Stories of death and destruction occupied the news in the aftermath of Hurricane Ian, the Category 4 Atlantic hurricane that, earlier this year, wrought widespread damage across the Florida panhandle and South Carolina. Yet, one community fared better than all others, despite its location in the hurricane’s path.
In 2015, developer Syd Kitson, a former professional football player for the Green Bay Packers and Dallas Cowboys, founded Babcock Ranch as a community of 2000 homes constructed for resilience. Located 12 miles northeast of Fort Myers, the community’s streets were engineered to flood so the houses would not. Buried power and Internet lines avoided wind damage, and the landscape helped control stormwater. The solar-powered community kept the lights on with its utility-scale array; and a supplemental solar-plus-storage system ensured power even when the grid went down.
Constructed under the strictest Florida building codes, the community survived relatively unscathed through a hurricane that destroyed neighboring towns. Babcock Ranch is a proof of concept for the adaptation community, a development trend that will likely sweep the country as the fact of global warming’s furious climate impacts becomes undeniable.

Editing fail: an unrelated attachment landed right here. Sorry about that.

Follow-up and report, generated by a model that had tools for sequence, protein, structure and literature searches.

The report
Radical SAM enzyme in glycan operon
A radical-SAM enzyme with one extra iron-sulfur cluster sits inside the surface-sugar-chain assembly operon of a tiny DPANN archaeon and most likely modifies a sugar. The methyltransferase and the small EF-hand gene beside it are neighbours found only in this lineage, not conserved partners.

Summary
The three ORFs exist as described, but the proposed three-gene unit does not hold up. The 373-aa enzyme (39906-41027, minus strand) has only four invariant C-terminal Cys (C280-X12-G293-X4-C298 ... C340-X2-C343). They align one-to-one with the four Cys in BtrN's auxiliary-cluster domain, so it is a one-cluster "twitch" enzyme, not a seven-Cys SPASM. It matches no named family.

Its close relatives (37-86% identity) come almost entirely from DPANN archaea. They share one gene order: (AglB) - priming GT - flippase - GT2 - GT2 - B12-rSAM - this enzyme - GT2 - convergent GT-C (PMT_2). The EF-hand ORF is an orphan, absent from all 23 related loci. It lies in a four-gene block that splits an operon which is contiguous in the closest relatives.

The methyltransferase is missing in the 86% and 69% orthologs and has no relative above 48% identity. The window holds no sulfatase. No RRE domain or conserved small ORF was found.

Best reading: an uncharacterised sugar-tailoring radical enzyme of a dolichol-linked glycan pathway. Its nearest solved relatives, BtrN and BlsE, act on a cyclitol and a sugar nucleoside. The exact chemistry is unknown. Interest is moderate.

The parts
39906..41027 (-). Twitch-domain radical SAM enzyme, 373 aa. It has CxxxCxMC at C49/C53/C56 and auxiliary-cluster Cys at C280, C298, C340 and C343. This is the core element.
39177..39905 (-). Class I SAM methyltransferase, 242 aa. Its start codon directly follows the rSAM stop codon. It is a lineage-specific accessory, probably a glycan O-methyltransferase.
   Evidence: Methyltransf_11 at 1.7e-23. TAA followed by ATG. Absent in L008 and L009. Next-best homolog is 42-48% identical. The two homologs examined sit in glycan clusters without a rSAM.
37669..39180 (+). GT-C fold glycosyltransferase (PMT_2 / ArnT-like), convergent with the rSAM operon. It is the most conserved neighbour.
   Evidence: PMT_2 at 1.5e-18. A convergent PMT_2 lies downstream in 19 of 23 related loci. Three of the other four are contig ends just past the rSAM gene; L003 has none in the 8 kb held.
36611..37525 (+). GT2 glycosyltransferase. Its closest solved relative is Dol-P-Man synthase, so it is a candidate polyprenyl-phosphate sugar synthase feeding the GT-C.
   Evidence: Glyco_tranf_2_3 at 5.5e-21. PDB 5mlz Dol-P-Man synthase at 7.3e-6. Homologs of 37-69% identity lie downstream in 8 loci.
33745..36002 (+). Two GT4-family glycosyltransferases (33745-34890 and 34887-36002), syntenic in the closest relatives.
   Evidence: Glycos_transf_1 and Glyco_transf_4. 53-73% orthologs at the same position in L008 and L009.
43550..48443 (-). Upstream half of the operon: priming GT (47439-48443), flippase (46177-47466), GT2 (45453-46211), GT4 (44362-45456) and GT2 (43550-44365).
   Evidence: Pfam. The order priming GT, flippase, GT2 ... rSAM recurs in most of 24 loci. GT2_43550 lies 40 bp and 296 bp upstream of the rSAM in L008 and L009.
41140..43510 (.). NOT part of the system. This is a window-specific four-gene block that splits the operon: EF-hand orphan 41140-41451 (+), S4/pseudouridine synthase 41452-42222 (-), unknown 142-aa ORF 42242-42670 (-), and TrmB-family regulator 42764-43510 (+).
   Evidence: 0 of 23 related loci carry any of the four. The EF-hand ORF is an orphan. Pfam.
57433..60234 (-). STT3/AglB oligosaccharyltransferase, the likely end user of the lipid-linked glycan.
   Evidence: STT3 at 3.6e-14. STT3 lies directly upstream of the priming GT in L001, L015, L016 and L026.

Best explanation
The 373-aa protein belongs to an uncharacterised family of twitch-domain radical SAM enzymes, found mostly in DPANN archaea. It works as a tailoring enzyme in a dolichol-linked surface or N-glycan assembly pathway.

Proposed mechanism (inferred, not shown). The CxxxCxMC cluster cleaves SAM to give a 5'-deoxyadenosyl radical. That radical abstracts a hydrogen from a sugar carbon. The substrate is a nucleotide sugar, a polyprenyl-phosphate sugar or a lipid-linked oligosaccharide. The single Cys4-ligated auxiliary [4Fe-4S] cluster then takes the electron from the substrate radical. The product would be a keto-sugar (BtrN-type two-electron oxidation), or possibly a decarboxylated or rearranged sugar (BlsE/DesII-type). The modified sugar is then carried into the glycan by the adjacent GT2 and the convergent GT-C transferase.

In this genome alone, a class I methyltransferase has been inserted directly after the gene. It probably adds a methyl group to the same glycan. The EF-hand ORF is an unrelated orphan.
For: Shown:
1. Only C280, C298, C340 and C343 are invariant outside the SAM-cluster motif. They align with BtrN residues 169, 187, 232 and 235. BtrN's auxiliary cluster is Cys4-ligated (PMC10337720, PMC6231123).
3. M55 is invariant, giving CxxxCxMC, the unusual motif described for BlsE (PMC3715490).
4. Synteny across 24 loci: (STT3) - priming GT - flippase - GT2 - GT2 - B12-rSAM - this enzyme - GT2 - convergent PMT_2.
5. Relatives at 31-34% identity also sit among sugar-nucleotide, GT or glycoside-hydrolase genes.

In 1985, another development trend came from the Florida panhandle. Seaside introduced the walkable community concept in response to automobile-driven sprawl. The architectural visionaries behind the ubiquitous trend toward walkable urbanism now champion a radical idea in adaptation communities. Since 2015, Andrés Duany and Elizabeth Plater-Zyberk—creators of Seaside, principals of DPZ CoDesign, and among the founders of New Urbanism—have addressed the building industry’s response to climate change by advocating for adaptation over mitigation.
On the drawing boards at DPZ, future neighborhoods and cities are envisioned. The planning and architectural studio designs for developers and municipalities aspiring to build infrastructure for long-term sustainability, resilience, and, increasingly, adaptability to the impacts of global warming;…
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